Top Five Ethics Codes for Journalists

19 Sep

I began writing for the teen section of my local newspaper, The Courier Post, in high school. If I was presented with an ethics code back in ninth grade, I don’t remember it. In college, my journalism course on ethics and First Amendment law was interesting, but very difficult; my memories of the semester are peppered with my classmates’ complaints about how unnecessary all of the information seemed. Out in the professional world, journalism ethics is frequently summarized, half-jokingly: “Plagiarism is bad. Don’t do it.”

This jaded approach to journalism ethics irks me. I became a journalist because I treasure people’s stories. I’m a writer because I relish words’ meaning and power. I’m a storyteller, I’m a communicator, I’m a reporter — and I take my craft seriously. “Plagiarism is bad” isn’t enough for me. Getting the facts right is essential, treating my subjects with respect is crucial, and thus, doing my work ethically and responsibly is paramount.

I went in search of ethics codes that reflect my take on journalism ethics. The following, in some shape or form, echo my concerns for journalistic responsibility and whet my craving for an in-depth understanding and appreciation for a journalist’s power.

  1. NPR’s Ethics CodeThis ethics code is, admittedly, not very dissimilar from many other journalistic entities’ lists of dos and don’ts. NPR’s opening statement, however, won me over: “We are always testing and questioning the credibility of others. We have to stand that test ourselves…” If only all journalistic undertakings began with such a clear, dedicated statement of purpose. If you’re going to agree to understanding various conflicts of interest and ethical conduct, you’d better start out by grasping why such things are so terribly important.
  2. ASNE’S Statement of Principles – This assemblage of journalism ethics is slightly old-school…but I think that’s why I like it. Its preamble, like NPR’s, sets an important tone for the rest of the piece; it also highlights the great, grave responsibility of the press. “The First Amendment, protecting freedom of expression from abridgment by any law, guarantees to the people through their press a constitutional right, and thereby places on newspaper people a particular responsibility,” it begins. The freedom of the press should not be taken lightly. It’s my job to go places and do things and share ideas that my readers (Users? Audience? Fellow community members?) cannot, to shed light on new perspectives as our world changes and evolves. That’s quite an undertaking, and ASNE seems to respect that.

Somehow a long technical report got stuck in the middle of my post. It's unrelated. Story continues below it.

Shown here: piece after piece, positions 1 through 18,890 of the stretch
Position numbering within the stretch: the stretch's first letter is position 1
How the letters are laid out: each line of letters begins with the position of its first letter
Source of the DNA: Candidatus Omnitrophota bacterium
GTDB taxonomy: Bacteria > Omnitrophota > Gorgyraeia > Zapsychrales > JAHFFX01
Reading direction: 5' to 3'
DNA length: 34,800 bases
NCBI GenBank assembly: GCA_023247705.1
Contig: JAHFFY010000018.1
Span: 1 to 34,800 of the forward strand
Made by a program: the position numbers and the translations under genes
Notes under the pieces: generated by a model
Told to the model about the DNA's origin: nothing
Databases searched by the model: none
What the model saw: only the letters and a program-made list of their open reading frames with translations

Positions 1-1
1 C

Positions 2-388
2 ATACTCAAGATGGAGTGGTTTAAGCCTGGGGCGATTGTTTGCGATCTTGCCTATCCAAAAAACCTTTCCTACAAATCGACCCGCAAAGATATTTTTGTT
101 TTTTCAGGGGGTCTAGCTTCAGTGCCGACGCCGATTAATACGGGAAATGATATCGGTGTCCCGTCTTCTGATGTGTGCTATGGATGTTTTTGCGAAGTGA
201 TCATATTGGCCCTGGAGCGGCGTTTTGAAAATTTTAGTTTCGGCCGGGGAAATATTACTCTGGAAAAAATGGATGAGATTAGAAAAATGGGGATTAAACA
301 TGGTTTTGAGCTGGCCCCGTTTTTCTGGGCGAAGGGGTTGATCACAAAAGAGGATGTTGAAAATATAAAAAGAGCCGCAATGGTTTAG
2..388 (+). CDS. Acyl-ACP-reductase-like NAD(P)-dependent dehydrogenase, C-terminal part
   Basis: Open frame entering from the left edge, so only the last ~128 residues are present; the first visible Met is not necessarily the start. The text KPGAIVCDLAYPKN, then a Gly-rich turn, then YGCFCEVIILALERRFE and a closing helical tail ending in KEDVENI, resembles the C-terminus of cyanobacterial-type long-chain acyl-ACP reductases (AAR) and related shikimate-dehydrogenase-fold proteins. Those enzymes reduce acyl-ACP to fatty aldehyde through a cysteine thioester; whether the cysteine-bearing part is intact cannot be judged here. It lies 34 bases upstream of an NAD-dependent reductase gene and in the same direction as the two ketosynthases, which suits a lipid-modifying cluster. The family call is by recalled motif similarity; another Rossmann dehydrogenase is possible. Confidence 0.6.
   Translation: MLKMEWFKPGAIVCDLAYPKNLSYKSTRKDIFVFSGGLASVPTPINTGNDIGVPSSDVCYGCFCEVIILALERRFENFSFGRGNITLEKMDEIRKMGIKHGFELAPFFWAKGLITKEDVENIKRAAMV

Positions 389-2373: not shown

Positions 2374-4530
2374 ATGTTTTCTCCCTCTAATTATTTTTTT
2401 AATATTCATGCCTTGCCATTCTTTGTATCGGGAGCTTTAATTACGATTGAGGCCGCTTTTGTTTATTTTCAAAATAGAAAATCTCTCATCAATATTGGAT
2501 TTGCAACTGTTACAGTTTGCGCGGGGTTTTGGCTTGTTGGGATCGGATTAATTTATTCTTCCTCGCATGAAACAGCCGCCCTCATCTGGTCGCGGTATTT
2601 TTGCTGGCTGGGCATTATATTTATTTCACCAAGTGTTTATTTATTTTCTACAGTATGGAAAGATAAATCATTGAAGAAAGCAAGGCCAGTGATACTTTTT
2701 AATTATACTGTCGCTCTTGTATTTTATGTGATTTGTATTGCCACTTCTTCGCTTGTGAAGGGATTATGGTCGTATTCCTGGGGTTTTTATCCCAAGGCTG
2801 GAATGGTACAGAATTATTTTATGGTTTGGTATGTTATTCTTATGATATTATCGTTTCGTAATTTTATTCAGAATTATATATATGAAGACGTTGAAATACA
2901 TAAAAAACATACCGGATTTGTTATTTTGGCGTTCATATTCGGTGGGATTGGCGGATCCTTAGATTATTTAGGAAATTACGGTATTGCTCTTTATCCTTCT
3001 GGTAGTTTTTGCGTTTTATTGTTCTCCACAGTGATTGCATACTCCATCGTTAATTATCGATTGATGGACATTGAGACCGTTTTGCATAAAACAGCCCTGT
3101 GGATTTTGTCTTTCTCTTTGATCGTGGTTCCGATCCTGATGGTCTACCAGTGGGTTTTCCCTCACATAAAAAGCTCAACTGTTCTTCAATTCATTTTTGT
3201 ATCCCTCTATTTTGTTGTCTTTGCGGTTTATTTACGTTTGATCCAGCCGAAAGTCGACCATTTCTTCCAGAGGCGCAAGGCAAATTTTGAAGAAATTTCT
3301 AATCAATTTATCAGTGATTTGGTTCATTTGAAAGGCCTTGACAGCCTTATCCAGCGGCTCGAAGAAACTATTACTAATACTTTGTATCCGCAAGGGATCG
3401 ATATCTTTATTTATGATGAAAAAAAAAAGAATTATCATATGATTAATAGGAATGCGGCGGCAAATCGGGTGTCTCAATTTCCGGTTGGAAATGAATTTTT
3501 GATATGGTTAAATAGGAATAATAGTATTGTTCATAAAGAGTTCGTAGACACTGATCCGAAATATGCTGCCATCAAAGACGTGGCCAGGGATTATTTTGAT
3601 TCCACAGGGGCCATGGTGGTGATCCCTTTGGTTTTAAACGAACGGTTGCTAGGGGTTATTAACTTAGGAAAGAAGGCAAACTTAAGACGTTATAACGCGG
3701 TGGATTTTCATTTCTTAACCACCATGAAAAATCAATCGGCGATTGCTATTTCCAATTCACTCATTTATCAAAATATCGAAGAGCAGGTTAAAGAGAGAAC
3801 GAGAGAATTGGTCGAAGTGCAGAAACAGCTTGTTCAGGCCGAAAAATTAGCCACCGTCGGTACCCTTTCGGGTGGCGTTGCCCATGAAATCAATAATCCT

3. A Blogger’s Code of Ethics – This ethics code provides one approach to the drama about whether bloggers qualify as true journalists: Let’s hold bloggers to the same standards as professional journalists. The first paragraph of this code notes that not all bloggers consider themselves to be journalists, but I disagree with that mindset. If we’re all users, and if all of the information published on the web is going to be consumed by someone else in this giant virtual network, then all online publications have some level of equality. Consequently, I think both the New York Times‘ reporters and bloggers around the world are deserving of the same general respect and standards. This summer, former USDA official Shirley Sherrod lost her job over a blogger’s unethical excerpting of a video — it’s evident that bloggers need to be reminded of their impact and their need to minimize harm. No matter the medium, a journalist’s job is heavy with responsibility.
  4. ProPublica Code of Ethics – ProPublica’s unique approach to running a journalistic publication made me curious about what its code of ethics would be like. What I found impressed me greatly: “…While our entity is new, and our business model somewhat innovative, our ethics are neither.” Like the other entries on this list, ProPublica considers a journalist’s ethical and responsible behavior to be of the highest priority. My favorite part of this code, though, is the recurring statement: “When in doubt, ask.” If the essence of journalism ethics must be simmered down into a sentence, I prefer this one infinitely more than “Plagiarism is bad.” A journalist’s job is not to make her best guess about what’s right, but to keep searching until she finds the entire truth; a reporter’s responsibility is not to attempt not treating her sources horribly, but to ensure she is addressing her subjects fairly. Plus, I find that the tie-in between “When in doubt, ask” and ProPublica’s focus on investigative journalism nicely illustrates their dedication to their craft.
  5. BBC Editorial GuidelinesThe full pdf document of the BBC’s Editorial Guidelines is over 200 pages! Brevity has its pluses, but I really love the in-depth approach that this ethics code takes. If a journalist wants an answer on how to behave ethically in practically any situation, from a volcanic eruption to a children’s television program, the BBC’s guidelines can help. The code recognizes the general journalistic philosophy of treating subjects fairly and not compromising standards, but it expands upon them greatly; it is hefty in order to drive home its point. I’ve read my fair share of journalism textbooks, and they tend to be dry, oversimplified, and, in a word, boring. The BBC’s code of ethics, however, is full of examples, explanations, and empathy for both its subjects and its audience. I used to think that the New York Times’ ethics policy was extensive (That ethics code deserves an honorable mention on this list. It was the first one that I was introduced to, so it’ll stick in my mind no matter how many other ethics codes I encounter.), but the BBC has redefined what it means to truly understand journalism ethics for me.
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